The original rebels of British art revelled in the wonders of nature as opposed to the ideals of the Renaissance that were lauded by the Royal Academy. Their images of flame-haired women and tableaus of literary tales gained them worldwide acclaim both at home and abroad. Here are some of the best places in London to experience the works of the Pre-Raphaelite Brotherhood, from paintings and prints to stained glass.
As one might expect from a museum dedicated to British art, Tate Britain has some of the greatest works from the Pre-Raphaelite movement in its collection. It holds one of the most recognisable works of art in the world, Sir John Everett Millais’s Ophelia(1851-1852), which depicts the doomed Shakespearian heroine in a lake filled with flowers. The stunning portrait known as Monna Vanna (Vain Woman, 1866) by Dante Gabriel Rossetti depicts a gloriously poised woman in luxurious clothing, complete with ostentatious hair clips and a feather fan. The artist considered it one of his best works.
When the V&A hired William Morris to decorate one of the new rooms for the first-ever museum café, he had yet to find fame as one of the country’s greatest artists and designers. However, his signature Arts and Crafts style nonetheless permeates this beautiful gilded room, which he decorated with the help of his friends Philip Webb and Sir Edward Burne-Jones. The museum’s collection also houses countless examples of William Morris’s textile designs and printing blocks, and a considerable number of photographs recording the lives of members of the brotherhood.
Guildhall Art Gallery is nestled within London’s Square Mile, moments from the Barbican and the bustle of the financial district. Among its important collection of Victorian art are Sir John Everett Millais’s The Woodman’s Daughter (1851) and Dante Gabriel Rossetti’s La Ghirlandata(The Garland Women, 1873), both of which were bequeathed to the gallery in 1902 by Charles Gassiot, a City wine merchant. Other highlights include Sir Edward Poynter’s epic Israel in Egypt(1867).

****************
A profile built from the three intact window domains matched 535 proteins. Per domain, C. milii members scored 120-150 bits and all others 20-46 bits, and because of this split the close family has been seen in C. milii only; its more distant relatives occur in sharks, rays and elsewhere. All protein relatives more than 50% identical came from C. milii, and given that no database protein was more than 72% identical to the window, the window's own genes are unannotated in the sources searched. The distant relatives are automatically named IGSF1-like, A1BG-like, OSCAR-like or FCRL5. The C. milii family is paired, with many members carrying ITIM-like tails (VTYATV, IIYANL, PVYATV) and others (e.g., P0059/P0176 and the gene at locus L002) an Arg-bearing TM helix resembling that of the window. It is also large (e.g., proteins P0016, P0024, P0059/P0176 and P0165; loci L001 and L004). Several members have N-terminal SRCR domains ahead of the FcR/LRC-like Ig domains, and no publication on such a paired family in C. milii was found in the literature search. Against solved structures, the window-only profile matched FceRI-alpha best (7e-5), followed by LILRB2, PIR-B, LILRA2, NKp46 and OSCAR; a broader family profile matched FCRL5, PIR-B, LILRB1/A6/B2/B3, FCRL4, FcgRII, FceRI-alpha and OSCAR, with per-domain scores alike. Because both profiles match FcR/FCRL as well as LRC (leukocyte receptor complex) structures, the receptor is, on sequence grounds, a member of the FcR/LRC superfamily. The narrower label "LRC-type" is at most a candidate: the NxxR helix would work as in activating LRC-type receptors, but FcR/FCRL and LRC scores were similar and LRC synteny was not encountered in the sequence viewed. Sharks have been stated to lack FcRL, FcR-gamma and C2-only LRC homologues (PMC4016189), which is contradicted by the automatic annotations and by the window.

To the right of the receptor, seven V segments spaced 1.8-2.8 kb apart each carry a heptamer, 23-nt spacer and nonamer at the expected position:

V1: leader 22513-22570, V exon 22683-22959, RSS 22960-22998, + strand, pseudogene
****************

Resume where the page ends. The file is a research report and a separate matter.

Although Lord Frederic Leighton was a self-described enemy of the Pre-Raphaelites, he had to admit that they shared an affinity with nature, poetic idealism and a distaste for traditional narrative, not to mention a tendency to paint beautiful women. Leighton’s incredible studio-home was the first of its kind when it was built and features an astonishing array of glazed tile work, vaulted ceilings and a collection of the artist’s work, including one of the last pieces he ever painted, titled Clytie(1890-1892).
The former childhood home of the Arts and Crafts pioneer is an award-winning gallery nowadays, featuring furniture, prints, textile designs, tapestries, photographs and ephemera relating to his career as not only an artist and designer but also as a Socialist campaigner. The gallery explores his printing techniques, deft craftsmanship and manifestos relating to workers’ rights. There are also plenty of examples of work by his peers, including designs for stained-glass windows by Sir Edward Burne-Jones.